At Mumbai (Wankhede Stadium), November 22-26, 2011. Drawn. Toss: West Indies. Test debut: V. R. Aaron.
It was the kind of equation that wouldn't have fazed Kohli in one-day internationals, where he had made four centuries in successful run-chases. India needed 19 from five overs, with four wickets in hand. But Test cricket, to paraphrase Kohli's post-match reaction, is a different beast and, when he slashed Bishoo straight to Sammy at short third man, India's pursuit of 243 from 64 overs started to unravel. Rampaul, bowling with pace and acumen in enervating heat and humidity, then reverse-swung one past Sharma's defensive push, leaving Ashwin, a veteran of three Tests, to see India home.
He had stroked a 117-ball hundred in the first innings, but - with the debutant Varun Aaron, at No. 10, for company - it was Ashwin's error of judgment that probably cost India a 3-0 series sweep. Having allowed Aaron a single off the last ball of the penultimate over, Ashwin had to watch as Aaron either swing - and - missed or picked out a fielder. By the time he did finally sneak a single, India needed two from two balls from Fidel Edwards.
The first was inside-edged on to the pads, with the fielders closing in quickly enough to prevent a run. It meant that India, eight down, could not lose. Ashwin then thumped the final ball to long-on. But he was slow to set off and, as Aaron galloped back to the bowler's end, Ramdin - on as a substitute - threw to the wicketkeeper. Ashwin was well short, and Sammy and his West Indies team celebrated as though they had won. As the Indians pondered on what they had thrown away, Ashwin, the Man of the Series, later tweeted: "Can anyone tell what differently cud have been done?? instead of saying cud have run the 2...moment I completed 1 the throw was over my head." Only once in 2,018 previous Tests had a match ended as a draw with the scores level after the fourth innings, when England failed to beat Zimbabwe at Bulawayo. That too had ended in a run-out but, unlike England's coach David Lloyd back in 1996-97, the Indians made no claim to have "flippin' murdered 'em".
That the match went to the last ball was peculiar in itself. Only 22 wickets had fallen on the first four days, prompting Sunil Gavaskar, who had negotiated a few crumbling dustbowls and turners in his time, to mime boredom-induced sleep in his morning pitch report. But with the slow bowlers extracting a little more bounce from the surface, West Indies were shot out for 134 before lunch, losing their last eight wickets for 43. India were cruising at one stage, 101 for one at better than five an over, with West Indies having dropped Sehwag three times. But once he miscued a daft reverse paddle- sweep, India suffered a collapse of their own, with the well-set Dravid following Tendulkar, not just past 13,000 Test runs, but back to the pavilion. Laxman squandered a start, Dhoni struck one straight to cover, and it was left to Kohli - recalled for his fourth cap - to pilot the chase. He had made just 76 runs in three Tests on the tour of the Caribbean earlier in the year, and there were more than a few nerves in his first-innings 52. His 63 second time round got India so close, but in truth West Indies deserved a share of the spoils, with Sammy unable to bowl because of a hamstring strain, and Bishoo reduced to a fatigued hobble.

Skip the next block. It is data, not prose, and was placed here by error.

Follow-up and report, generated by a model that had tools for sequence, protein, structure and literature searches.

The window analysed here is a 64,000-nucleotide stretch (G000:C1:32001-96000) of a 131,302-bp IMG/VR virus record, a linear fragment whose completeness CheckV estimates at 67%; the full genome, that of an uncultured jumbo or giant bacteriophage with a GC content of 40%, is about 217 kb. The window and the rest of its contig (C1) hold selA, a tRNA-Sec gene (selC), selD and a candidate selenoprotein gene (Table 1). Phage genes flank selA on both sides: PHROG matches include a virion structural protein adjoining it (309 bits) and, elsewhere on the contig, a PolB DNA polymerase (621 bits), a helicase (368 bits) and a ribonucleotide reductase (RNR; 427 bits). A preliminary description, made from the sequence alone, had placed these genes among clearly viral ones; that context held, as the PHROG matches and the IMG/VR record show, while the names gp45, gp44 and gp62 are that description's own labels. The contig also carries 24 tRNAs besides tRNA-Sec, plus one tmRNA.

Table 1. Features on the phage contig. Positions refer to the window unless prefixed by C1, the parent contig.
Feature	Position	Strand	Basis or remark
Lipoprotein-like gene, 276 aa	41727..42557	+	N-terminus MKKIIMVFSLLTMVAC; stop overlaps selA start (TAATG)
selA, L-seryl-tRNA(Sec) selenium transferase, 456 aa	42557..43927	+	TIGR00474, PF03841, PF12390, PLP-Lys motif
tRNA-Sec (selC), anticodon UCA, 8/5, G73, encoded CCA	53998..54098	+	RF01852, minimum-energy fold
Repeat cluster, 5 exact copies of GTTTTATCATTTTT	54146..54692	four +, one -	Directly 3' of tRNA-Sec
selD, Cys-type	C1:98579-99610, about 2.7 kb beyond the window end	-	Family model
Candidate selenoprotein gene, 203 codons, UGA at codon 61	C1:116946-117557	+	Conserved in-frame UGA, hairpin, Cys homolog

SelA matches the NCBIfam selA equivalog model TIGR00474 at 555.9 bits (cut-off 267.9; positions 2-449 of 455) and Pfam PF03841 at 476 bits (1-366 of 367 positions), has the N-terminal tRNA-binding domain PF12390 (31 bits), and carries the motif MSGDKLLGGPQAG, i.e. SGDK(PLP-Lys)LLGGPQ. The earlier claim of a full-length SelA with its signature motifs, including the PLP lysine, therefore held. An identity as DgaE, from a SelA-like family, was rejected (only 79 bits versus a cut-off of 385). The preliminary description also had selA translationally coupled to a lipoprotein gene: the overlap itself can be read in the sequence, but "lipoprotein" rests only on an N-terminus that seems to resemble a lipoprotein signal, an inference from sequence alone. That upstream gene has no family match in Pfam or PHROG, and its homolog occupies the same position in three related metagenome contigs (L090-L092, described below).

Most of the match had centred on the batsmen, with Bravo - who added 164 for the third wicket with Kirk Edwards and 160 for the fourth with Powell, in for the injured Chanderpaul - following his Kolkata century with a dazzling 166; West Indies carried on into the third morning. (Had Ashwin completed that second run, their 590 would have been the highest first-innings total in Tests to have led to defeat.) The best crowds of a series that drew only lukewarm interest then trooped in to witness Tendulkar's latest attempt to reach three figures. He had got to 94 when Rampaul induced a loose shot that ended up in second slip's hands. And Mumbai went quiet.
It was left to Ashwin and Kohli to stave off the embarrassment of the follow-on, before a slow-burning game caught fire in the final three sessions. Ojha and Ashwin took all ten wickets to fall in the second innings, finishing the series with 42 between them, but the last words came from Rampaul and Fidel Edwards. One more run, and India would have had their first 3-0 whitewash since trouncing Sri Lanka in 1993-94.
Man of the Match: R. Ashwin. Man of the Series: R. Ashwin.
Dileep Premachandran is an associate editor at ESPNcricinfo